With over 50 years of mental health recovery, I was flourishing. In my mid-fifties, I had my first full time job in years. I was working using knowledge and experiences from academic training and my personal recovery. I felt secure in my ability to overcome life challenges. I was proud of the effort I invested in my recovery and my work with a group of knowledgeable and passionate folks helping others overcome the challenges of homelessness, mental illness, trauma, and substance abuse.
Security. This is something I’ve been thinking a lot about recently. I grew up in a home marked by addiction, dysfunction, and for a period of time, poverty. While I knew my parents loved me, my father’s alcoholism set the tone for much of my childhood. As I got older, left home, and engaged in my own much healthier relationships, I thought I had escaped unscathed. In many ways, my sibling took away some of the more common traits of being raised by an alcoholic parent, but I didn’t seem to carry these with me.
When I go to a shelter, I don’t get any sleep. Sometimes it's because people wake up at 4:30 am and scream at the top of their lungs. Sometimes it’s because people are up watching TV and walking around.
But mostly, it's because the shelter is not a safe place. The first time I went to a shelter, I was 18 years old. I thought my life was over, and that I would have no social life. As a gay male, I was immediately harassed. I went to sleep every night just wishing that it would be over and wondering why I didn’t have my own place or at least some privacy.
“I SEE YOU BUT DO YOU SEE ME?”
That’s the sign I used to fly when I was homeless.
It served a double meaning for me. One meaning was to get the attention of anyone who just walked past without even looking at me or acknowledging me – like I was a piece of trash. You could see people thinking that every homeless person is the same, thinking that we all have the same story, that we all wind up on the street for the same reason. They couldn’t be more wrong.
In January 2014, I was 19 and in a hospital. When the staff decided I was ready to leave, I met with a social worker who gave me the phone numbers of shelters. She did her best.
I walked out of the hospital and onto the street. Soon after I left, I went to a pay phone and called some of the numbers. I was hoping someone would help me figure out where I could sleep that night. But, no one answered the phone. I stood at the pay phone feeling embarrassed and hopeless. I’m not the type to ask for money or other necessities. I wandered around Cambridge, hoping that something would happen.
During the holiday season last year, my son and I were staying in a small church-run shelter. From 8:30 am to 5 pm, I had to leave to sit in an old church basement adjacent to the shelter’s office
It was a big room with some tables and chairs scattered around and a corner with some kids toys and a couch. The room was cold and dusty, and there was mouse poop behind the radiators. It smelled the way you would imagine an old church basement would smell. My son was just learning to walk and would often crawl across the floor, leaving his hands and knees dirty.
This post is second in a series of stories from youth about their experiences of homelessness and resiliency. Thank you to each of the authors who have so generously shared personal details of their lives for the benefit of others. We are inspired by their courage and hopes for the future. We must learn from their stories and partner with them to implement effective, meaningful solutions.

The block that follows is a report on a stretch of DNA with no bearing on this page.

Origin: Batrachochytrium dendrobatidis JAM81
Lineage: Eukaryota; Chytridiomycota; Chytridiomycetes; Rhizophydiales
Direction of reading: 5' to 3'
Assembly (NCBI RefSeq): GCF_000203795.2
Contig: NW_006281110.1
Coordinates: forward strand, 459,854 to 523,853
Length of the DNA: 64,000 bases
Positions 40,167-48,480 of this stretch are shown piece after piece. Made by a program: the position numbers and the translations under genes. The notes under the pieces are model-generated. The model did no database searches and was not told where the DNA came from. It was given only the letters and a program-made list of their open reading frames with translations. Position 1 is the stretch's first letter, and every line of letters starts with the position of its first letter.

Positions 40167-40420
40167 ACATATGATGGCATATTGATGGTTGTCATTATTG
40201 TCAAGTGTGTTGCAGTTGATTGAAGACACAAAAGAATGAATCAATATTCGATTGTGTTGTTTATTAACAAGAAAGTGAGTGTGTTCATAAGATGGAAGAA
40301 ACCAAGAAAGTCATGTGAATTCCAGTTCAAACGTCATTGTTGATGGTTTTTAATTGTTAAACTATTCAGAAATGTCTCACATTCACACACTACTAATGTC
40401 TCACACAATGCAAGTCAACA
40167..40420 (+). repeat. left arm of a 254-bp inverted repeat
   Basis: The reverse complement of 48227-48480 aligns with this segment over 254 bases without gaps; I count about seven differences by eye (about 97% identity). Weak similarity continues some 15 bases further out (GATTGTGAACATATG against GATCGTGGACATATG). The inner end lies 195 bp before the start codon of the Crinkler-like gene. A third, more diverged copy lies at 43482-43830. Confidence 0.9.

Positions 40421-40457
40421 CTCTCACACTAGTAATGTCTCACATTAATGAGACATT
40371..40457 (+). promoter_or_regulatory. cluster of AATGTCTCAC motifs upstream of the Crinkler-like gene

I was recently invited to moderate a panel on homelessness. When I asked who would be on the panel, the organizer listed a number of prominent names in the field. I spent a moment feeling impressed and excited about the possibility of rubbing elbows with these individuals…and then I asked if there were any people on the panel who had experienced homelessness.
Critical Time Intervention (CTI) is a case management model originally designed to prevent recurrent homelessness by connecting individuals with supports in their community. It provides flexible, individualized, and focused support after a person transitions from shelter to housing. Here are six reasons CTI might be just what your community needs:
- CTI can reach more people than other models.
This post is first in a series of stories from youth about their experiences of homelessness and resiliency. Thank you to each of the authors who have so generously shared personal details of their lives for the benefit of others. We are inspired by their courage and hopes for the future. We must learn from their stories and partner with them to implement effective, meaningful solutions.
When I was 21, I was living in a group home run by the Department of Children and Families (DCF) in the South End of Boston. I had been living there for a few years and was growing more and more frustrated with my situation. I didn’t have a lot of freedom to have friends and to do stuff that I felt other 21 year olds were doing. I couldn’t even have my cell phone when I was in the house. I knew my time with DCF was coming to an end. Maybe I was also scared and nervous about what was going to happen next since we had done little to no planning. I mostly felt frustrated and wanted my freedom.
The United States faces a deeply troublesome, maddeningly persistent racial gap in income and wealth -- a gap that is growing, not shrinking. According to McKernan and colleagues at the Urban Institute, the income ratio between whites and blacks is approximately 2:1, a number that has remained essentially unchanged over the past three decades. More troublesome is the 6:1 wealth ratio between whites and blacks. This suggests that white privilege dominates and results in greater financial prosperity for whites, while leaving black families and individuals out of the nation's economic growth and recovery.